The potential for nutrient enrichment to coastal estuaries on Mt. Desert Island, Maine, may affect the health of these important ecosystems at Acadia National Park. Inputs of water and nitrogen entering one of these coastal estuaries, Northeast Creek, and adjacent wetlands on Mt. Desert Island were quantified in a recent study conducted by the U.S. Geological Survey, in cooperation with the National Park Service. Streamflow and concentra-tions of nitrogen species in the four perennial streams entering the wetland/estuary system were measured monthly for 18 months to estimate loads and develop a water budget. Old Mill Brook was instrumented with a continuous-recording stream-flow gage; the MOVE.1 record-extension technique was used with this and several other nearby continuous gages to estimate daily surface-water inflow to the wetland. Inflow from ungaged basins was estimated from the unit-area yield calculated from data obtained from the gaged basins. Precipitation data collected at the National Atmospheric Deposition Program (NADP) site at Acadia National Park Headquarters and the Acadia National Park weather station were used to calculate atmospheric inputs. Evapotranspiration from the wetland was calculated using Fennessey and Vogel?s regionalized multivariate regression model of Penman-Montieth evapotranspiration. Geologic data collected in the field and taken from published geologic maps indicate that ground water probably does not contribute significantly to the water budget of this wetland system. Surface-water outflow from the wetland was not calculated because of the tidal nature of the outlet of the wetland and the difficulties associated with measuring flow in a tidal stream.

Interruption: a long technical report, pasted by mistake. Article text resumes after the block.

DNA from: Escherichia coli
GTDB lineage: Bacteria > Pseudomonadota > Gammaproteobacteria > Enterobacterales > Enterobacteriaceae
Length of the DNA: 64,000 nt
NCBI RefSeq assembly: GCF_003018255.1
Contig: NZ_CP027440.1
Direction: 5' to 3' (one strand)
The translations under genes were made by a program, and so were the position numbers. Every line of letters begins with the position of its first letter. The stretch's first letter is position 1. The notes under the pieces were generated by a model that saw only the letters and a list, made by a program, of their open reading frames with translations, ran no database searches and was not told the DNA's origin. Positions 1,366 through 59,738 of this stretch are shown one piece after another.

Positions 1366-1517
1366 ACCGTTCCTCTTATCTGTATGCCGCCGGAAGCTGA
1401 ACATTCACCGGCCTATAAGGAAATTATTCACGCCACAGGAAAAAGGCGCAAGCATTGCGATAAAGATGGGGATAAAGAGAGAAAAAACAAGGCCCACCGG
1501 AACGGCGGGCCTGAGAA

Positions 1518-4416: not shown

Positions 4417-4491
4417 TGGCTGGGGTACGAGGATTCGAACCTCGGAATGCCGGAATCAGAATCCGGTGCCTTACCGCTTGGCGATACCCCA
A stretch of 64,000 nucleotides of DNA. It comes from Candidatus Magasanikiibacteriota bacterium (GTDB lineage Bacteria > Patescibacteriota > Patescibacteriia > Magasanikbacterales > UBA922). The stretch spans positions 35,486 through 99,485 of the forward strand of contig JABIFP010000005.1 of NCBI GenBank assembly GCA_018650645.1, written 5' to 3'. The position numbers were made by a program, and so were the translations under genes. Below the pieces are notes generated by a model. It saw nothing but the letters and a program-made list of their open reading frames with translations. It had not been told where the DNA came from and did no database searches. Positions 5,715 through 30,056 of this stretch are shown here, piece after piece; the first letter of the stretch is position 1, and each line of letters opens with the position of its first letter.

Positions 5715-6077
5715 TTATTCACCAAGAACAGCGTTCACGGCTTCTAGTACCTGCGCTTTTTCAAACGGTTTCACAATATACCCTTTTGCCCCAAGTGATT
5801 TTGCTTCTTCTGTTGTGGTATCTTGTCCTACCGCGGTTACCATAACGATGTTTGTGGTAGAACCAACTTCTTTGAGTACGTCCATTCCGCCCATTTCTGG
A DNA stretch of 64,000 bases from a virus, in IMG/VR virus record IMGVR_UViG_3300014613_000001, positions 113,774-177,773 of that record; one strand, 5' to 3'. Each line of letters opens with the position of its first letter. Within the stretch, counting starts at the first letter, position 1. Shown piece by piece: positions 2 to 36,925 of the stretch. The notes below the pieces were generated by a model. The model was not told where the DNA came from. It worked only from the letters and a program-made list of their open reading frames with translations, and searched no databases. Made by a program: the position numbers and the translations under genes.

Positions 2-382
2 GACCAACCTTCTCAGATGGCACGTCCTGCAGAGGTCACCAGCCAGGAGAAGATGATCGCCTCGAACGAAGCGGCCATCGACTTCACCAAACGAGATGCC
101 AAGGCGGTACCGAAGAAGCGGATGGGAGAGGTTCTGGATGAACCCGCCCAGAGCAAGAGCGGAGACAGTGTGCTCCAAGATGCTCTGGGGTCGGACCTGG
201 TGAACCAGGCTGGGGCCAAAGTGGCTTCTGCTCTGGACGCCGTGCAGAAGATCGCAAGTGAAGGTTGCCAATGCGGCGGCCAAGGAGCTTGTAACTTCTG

Additional publication details
USGS Numbered Series
Water budget for and nitrogen loads to Northeast Creek, Bar Harbor, Maine